Jury selection for former Bank of America broker Theodore Sihpol III is set to begin today in Manhattan Supreme Court.
In a 40-count indictment, Attorney General Eliot Spitzer, as part of his office’s ongoing efforts to curb alleged abuses in the mutual fund industry, charged Sihpol for late-trading by helping hedge fund Canary Capital Partners buy and sell mutual funds after trading hours.
The trial before Justice James Yates is the first high-profile case coming out of Spitzer’s probes into the mutual fund industry. To date, Spitzer has won national attention for entering into large settlements with the nation’s largest investment banks, insurance companies and mutual funds.
Spitzer’s assault on the mutual fund industry began in September 2003, when he announced industry-wide trading scams. From the outset, his focus was locked on late-trading practices.
“The mutual fund industry operates on a double standard,” he said in a statement in 2003. “Certain companies and individuals have been given the opportunity to manipulate the system. They make illegal after-hours trades and improperly exploit market swings in ways that harm ordinary long-term investors.”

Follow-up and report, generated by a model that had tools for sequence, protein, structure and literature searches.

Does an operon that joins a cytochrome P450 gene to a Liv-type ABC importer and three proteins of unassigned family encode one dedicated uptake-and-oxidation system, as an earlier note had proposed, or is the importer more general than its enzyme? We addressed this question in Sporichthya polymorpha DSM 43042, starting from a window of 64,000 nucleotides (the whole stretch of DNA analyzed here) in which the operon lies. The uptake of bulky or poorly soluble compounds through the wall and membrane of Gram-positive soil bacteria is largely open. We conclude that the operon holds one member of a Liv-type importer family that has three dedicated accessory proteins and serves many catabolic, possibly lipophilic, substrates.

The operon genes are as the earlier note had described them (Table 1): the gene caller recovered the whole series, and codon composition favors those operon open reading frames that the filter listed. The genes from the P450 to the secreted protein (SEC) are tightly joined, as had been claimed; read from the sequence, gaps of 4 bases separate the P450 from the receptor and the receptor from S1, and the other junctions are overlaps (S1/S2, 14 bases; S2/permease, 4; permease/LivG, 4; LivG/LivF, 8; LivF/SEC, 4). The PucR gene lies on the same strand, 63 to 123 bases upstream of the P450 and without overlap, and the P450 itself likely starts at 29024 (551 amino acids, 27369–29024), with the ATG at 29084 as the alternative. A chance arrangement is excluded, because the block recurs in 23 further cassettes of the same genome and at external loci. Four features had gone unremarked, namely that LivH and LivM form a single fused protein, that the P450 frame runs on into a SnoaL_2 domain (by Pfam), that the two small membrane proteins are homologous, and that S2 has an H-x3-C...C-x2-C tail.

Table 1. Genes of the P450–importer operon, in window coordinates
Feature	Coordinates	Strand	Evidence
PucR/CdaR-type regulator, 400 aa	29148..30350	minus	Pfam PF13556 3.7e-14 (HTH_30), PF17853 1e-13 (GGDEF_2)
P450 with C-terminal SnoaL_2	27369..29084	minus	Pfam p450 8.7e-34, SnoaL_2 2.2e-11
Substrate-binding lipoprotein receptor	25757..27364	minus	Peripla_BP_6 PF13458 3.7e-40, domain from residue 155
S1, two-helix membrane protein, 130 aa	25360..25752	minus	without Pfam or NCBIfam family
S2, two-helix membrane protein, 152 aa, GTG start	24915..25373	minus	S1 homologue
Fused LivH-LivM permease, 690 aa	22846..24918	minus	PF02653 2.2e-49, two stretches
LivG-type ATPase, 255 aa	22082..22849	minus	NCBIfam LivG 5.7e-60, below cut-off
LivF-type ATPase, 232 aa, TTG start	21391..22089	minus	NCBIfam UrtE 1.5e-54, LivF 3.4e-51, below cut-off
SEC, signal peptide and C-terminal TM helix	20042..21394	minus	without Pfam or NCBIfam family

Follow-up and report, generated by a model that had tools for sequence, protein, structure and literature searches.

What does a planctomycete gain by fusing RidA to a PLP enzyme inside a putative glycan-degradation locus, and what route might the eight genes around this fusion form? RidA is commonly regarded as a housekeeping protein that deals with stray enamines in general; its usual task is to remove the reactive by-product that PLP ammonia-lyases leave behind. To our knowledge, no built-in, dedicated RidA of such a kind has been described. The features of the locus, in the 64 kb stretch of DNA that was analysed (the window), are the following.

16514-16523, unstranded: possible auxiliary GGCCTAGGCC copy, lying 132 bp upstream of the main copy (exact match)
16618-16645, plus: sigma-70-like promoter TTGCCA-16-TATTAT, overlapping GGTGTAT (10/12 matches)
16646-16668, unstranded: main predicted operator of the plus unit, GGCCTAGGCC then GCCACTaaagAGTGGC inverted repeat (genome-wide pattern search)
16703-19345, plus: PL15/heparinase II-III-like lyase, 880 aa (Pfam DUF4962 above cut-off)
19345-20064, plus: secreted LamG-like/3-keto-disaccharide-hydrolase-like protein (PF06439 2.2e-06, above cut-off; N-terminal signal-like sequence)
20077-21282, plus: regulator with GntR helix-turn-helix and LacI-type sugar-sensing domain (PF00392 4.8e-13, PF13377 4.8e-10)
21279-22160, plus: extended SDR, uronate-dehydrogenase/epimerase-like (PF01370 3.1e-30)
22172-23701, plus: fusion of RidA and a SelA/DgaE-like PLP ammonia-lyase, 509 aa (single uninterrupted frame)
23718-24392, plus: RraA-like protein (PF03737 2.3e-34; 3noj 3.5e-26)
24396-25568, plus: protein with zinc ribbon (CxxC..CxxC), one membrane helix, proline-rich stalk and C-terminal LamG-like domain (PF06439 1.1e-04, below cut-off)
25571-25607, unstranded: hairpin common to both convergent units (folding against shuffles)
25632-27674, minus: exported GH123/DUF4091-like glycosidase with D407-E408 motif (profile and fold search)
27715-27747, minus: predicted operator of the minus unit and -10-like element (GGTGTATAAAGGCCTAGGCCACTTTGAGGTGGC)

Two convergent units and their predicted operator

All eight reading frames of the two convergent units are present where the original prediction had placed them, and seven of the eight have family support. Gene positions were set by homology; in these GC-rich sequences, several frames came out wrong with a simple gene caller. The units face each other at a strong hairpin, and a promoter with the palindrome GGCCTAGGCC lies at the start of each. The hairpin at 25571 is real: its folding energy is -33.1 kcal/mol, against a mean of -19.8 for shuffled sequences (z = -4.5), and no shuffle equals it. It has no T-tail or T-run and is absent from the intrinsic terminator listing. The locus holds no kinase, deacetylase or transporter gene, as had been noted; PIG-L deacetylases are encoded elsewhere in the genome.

Several of these arrangements involved Canary Capital. The hedge fund and its managing principal, Edward Stern, settled with Spitzer in September 2003 for $40 million.
Sihpol’s case stems from a probe of Bank of America, which in March 2004 paid $675 million to settle charges of fraudulent dealings with Canary Capital.
Sihpol, 37, was the first individual to be charged in the mutual fund probe.
The indictment accuses him of grand larceny, securities fraud under New York’s Martin Act and falsifying business records. Spitzer’s office claims Sihpol stole more than $1 million from six different mutual funds operated by or affiliated with Bank of America by participating in the late-trading or market-timing scheme. If convicted, Sihpol could face more than 25 years in prison.